16.“I don’t think they have, but I never get to tell my mom that I have depression. She might just dismiss it and ignore it. Besides that, I’ve just worked everything out myself.”

—Anonymous

17.“Pues deja de pensar en eso.”

—Anonymous

“Well, just stop thinking about that.”

18.“Well, I am a Latin American person. I was born and lived all my life in Uruguay hoping to be old enough to study abroad because Uruguay is a small country with no opportunities for artists. Although it is an open-minded country (equal marriage and abortion have been legal for years), its citizens are more closed, and my parents show it. My mom grew up raising her siblings and says she “never needed a psychologist,” and my dad says with the number of murders on the continent, it’s better to kill yourself. Such is life every day. My parents believe that just because they survived a difficult life, I can do the same. This is a problem that can exist everywhere, but almost all my friends go through something similar. Latino parents are sweet, but they can hurt too much since they lived through a difficult childhood. Obviously I know how horrible it was, but they don’t understand that mental health is not just about how you live.”

—Anonymous

19.“I would have some signs of anxiety and depression when I was a teen. My mom would say, ‘You have no right to feel that way. You should have no worries right now, especially since you are not very smart and make mistakes every day.’ Or she would say that I was saying that as an excuse to get out of things and that my anxiety was something that only “crazy people would experience”. Thankfully I have opened her eyes to the real meaning and importance of mental health issues some years ago and she FINALLY gets it.”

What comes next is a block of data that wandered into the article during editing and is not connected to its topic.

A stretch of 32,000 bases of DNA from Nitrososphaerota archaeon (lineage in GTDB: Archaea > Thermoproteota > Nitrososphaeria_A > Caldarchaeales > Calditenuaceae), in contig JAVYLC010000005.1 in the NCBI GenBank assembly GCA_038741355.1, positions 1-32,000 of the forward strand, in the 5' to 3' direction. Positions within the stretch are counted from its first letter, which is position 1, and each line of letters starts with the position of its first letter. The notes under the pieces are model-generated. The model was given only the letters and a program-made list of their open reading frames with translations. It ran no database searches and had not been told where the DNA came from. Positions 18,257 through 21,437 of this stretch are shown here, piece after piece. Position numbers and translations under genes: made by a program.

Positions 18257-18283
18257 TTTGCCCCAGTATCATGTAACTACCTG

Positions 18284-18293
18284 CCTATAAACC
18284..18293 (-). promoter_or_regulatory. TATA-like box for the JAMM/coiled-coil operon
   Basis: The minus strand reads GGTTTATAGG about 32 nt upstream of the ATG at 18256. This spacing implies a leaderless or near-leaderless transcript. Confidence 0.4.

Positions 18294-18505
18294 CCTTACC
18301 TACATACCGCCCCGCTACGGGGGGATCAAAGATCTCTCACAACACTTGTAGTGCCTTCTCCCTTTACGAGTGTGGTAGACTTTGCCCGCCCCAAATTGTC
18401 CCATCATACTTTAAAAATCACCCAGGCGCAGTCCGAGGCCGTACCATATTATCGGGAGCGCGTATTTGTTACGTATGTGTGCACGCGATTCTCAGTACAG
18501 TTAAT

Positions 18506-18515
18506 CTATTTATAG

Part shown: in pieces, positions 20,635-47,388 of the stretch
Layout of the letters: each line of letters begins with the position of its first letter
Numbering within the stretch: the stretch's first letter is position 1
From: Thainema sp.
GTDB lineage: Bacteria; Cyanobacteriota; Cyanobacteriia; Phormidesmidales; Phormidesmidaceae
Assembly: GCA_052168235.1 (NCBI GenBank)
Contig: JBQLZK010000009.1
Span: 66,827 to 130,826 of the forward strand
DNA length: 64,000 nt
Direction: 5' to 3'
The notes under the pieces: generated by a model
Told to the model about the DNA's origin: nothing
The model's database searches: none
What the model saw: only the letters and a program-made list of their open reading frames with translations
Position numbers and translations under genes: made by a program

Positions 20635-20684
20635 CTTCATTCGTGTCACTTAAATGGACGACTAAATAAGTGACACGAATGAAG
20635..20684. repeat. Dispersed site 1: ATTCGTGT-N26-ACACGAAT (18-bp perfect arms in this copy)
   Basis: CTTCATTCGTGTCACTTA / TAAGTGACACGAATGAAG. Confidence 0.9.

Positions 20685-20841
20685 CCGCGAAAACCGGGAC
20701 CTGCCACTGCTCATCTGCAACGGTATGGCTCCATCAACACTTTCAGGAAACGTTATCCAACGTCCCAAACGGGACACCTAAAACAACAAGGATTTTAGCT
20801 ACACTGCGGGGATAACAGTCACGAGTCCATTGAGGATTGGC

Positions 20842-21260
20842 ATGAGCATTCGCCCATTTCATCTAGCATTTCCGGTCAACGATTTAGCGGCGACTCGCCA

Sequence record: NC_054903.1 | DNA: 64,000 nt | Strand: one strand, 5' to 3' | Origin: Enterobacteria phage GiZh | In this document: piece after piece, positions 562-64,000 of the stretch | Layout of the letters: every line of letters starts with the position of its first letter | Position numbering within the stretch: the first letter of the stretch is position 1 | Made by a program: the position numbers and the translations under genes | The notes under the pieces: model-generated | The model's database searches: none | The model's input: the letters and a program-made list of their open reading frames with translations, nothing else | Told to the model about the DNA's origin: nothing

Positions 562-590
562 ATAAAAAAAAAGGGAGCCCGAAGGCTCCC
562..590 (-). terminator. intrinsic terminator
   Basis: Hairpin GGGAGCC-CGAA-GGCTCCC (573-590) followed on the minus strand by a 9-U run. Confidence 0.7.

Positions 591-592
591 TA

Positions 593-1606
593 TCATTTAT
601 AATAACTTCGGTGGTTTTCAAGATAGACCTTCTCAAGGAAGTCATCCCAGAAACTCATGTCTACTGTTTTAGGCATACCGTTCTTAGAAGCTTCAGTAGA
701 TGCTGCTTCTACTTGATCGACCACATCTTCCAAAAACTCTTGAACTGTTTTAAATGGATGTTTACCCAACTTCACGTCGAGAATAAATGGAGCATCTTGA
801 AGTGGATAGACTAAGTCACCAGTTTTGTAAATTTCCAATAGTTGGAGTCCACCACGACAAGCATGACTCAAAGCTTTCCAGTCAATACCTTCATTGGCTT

—Anonymous

20.“‘Just pray and it will go away. There is no such thing as that, just toughen up.'”

—Anonymous

21.“They completely ignore the fact that most, if not all, my body and self-esteem issues have been caused by their constant jokes and comments since I was four. My mom has basically been my biggest bully and has put a lot of pressure on me being perfect, but won’t support me when I’m feeling depressed or anxious. I went through a really rough time when I was completely burnt out because of grad school and financial issues, and she said it was because I didn’t put enough effort into doing things well. When I had a miscarriage, she basically said it was my fault for not losing weight and not going to church enough, and that I didn’t need to get depressed about it. She thinks therapy is for ‘crazy people’ and pointless, and refuses to accept that her own childhood trauma made her a narcissist. Even my own therapist told me I should just not even try talking to my parents about deep issues because they hurt my mental health.”